Heinrich Grenser's clarinets were played by virtuosos like Hendrik Crusell and Ivan Müller. Their design is still close to the classical 5-keyed clarinet, but their sturdy wall thickness and reliable intonation, even of delicate semitones, make them suitable for performing the works of Weber, Mendelssohn, and others.
Konradin Kreutzer: Trio (Excerpt)
Nils Wilhelm Gade: Fantasypieces for Clarinet and Pianofort
(Clarinet in Bb; from the CD "Musikalische Morgenunterhaltung")
Robert Schumann: Romanze No. 1, op. 94
(Clarinet in A; from the CD "Musikalische Morgenunterhaltung")
Basset Clarinet in Aafter a drawing of the instrument played by Anton Stadler and Theodor Lotz
The basset clarinet (in A, Bb, or sometimes C) is an instrument similar to the basset horn. It is the instrument for which Mozart composed his Clarinet Quintet K. 581 as well as his Clarinet Concerto K. 622. Unfortunately there are no surviving originals. It was developed around 1788 by Theodor Lotz, instrument maker to the Court of Vienna, in collaboration with Mozart's friend Anton Stadler (1753-1812). They extended the clarinet downwards by a minor third, just like on a basset horn, but including all the semitones, requiring 4 additional keys. Basset horns in those days were diatonic. The bore was angled twice where as the basset clarinet was short enough to be built straight. After Mozart's death the lowest notes of the concerto were transposed up an octave so it could be played on the much more common A clarinet.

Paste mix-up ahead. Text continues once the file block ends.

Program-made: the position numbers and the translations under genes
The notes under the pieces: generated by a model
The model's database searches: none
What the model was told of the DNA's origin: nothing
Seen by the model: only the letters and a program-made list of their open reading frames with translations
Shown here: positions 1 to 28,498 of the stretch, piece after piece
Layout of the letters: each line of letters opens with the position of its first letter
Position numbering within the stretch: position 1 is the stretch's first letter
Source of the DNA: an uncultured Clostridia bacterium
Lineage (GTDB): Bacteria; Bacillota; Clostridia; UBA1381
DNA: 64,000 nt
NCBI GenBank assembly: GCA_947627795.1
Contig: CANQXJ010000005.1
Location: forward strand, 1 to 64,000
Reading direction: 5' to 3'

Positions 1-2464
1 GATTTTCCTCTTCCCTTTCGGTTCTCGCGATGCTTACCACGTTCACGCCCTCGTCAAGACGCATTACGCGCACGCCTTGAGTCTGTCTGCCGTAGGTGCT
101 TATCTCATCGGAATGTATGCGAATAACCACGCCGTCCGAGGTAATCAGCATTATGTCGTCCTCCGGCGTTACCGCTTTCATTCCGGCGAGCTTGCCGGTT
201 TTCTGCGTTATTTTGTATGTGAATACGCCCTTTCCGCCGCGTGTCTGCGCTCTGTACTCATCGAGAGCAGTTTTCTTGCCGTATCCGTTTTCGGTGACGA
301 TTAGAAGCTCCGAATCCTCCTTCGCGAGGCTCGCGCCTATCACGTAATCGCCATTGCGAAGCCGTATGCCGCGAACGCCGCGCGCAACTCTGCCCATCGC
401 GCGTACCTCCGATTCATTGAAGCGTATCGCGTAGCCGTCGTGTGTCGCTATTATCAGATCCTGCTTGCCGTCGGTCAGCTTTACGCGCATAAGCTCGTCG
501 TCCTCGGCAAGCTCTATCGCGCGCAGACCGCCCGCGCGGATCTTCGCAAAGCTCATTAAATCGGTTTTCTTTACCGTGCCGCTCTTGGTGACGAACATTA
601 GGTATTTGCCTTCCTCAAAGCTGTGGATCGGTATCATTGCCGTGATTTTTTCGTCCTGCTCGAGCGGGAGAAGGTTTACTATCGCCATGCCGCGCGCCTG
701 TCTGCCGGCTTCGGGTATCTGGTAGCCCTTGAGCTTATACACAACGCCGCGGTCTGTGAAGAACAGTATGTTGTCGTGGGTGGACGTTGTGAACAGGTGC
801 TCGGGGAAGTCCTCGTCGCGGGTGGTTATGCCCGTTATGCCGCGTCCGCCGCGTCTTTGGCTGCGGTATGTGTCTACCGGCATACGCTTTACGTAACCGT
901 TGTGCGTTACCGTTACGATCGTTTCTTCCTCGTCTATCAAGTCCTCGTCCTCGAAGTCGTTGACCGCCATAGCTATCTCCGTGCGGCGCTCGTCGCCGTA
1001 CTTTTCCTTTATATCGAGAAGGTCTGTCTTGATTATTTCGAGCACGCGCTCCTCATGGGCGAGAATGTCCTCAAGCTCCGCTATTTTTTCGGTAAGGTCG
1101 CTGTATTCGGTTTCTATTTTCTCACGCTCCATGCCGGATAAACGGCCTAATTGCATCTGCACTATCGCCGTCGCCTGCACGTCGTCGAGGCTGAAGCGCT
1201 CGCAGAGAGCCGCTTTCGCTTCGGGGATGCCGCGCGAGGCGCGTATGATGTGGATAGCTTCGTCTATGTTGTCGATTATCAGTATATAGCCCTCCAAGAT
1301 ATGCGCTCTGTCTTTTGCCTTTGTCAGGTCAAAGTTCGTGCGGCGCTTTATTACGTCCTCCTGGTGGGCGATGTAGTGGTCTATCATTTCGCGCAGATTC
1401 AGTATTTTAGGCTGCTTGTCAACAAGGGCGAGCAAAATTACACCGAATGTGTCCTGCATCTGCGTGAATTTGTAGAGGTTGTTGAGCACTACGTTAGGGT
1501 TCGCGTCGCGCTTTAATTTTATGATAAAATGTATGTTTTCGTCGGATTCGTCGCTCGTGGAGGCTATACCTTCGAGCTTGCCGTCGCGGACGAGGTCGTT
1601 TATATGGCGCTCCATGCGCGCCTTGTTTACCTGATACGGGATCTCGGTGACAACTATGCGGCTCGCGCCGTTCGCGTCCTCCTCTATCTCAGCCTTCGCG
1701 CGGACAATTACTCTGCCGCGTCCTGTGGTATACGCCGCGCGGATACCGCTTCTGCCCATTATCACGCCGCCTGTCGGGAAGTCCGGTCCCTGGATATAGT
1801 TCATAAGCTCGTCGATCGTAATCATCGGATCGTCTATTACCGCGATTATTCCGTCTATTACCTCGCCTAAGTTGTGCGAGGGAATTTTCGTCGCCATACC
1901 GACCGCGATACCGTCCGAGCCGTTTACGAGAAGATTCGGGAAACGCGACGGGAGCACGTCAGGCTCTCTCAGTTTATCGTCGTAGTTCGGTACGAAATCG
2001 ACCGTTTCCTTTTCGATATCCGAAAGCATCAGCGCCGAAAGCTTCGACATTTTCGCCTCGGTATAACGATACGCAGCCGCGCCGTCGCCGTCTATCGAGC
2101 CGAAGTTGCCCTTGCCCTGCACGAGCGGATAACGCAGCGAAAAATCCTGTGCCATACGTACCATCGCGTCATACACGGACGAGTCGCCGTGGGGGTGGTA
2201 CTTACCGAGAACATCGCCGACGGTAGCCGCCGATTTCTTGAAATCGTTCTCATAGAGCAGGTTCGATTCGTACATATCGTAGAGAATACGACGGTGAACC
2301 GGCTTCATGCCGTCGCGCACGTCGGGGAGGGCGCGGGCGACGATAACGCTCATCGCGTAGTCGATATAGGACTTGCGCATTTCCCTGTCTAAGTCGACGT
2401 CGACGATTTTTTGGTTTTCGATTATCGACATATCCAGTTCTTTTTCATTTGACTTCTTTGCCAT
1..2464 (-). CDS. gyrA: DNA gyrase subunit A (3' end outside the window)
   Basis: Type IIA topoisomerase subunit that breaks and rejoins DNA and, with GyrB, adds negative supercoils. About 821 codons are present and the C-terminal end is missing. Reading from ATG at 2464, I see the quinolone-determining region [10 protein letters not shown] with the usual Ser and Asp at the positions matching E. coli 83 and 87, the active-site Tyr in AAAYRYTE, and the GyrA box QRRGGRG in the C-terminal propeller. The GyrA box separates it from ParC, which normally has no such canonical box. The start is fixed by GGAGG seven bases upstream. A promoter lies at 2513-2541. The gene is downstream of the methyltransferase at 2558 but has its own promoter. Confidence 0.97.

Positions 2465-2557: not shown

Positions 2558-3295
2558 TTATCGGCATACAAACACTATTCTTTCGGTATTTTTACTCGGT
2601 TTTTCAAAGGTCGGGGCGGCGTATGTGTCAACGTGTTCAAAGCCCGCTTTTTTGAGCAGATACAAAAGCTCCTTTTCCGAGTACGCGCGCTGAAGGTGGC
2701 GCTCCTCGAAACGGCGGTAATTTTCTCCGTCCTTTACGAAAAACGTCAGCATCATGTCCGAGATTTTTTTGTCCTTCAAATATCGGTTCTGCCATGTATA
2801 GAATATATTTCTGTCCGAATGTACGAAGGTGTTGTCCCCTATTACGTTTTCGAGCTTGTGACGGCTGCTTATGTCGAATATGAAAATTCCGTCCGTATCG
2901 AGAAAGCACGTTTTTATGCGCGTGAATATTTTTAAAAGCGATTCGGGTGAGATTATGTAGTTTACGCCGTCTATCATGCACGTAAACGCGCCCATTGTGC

Since there is no original instrument we could have measured up, we based our basset clarinet on an original drawing of Theodor Lotz' instrument, and on extensive experiments.
The drawing was found on a concert flyer for Stadler's concert in Riga in 1798. He is announced as an inventor as well as a virtuoso. The instrument features a bulbous bell ("Liebesfuß"), as it can be found on certain basset horns of the time. Our reconstruction is based on an A clarinet by H. Grenser of Dresden. Similar instruments in various pitches were made in the workshops of Johann Benjamin Eisenbrandt, Göttingen (before 1822), Johann Georg Braun, Mannheim (between 1816 and 1833), and others.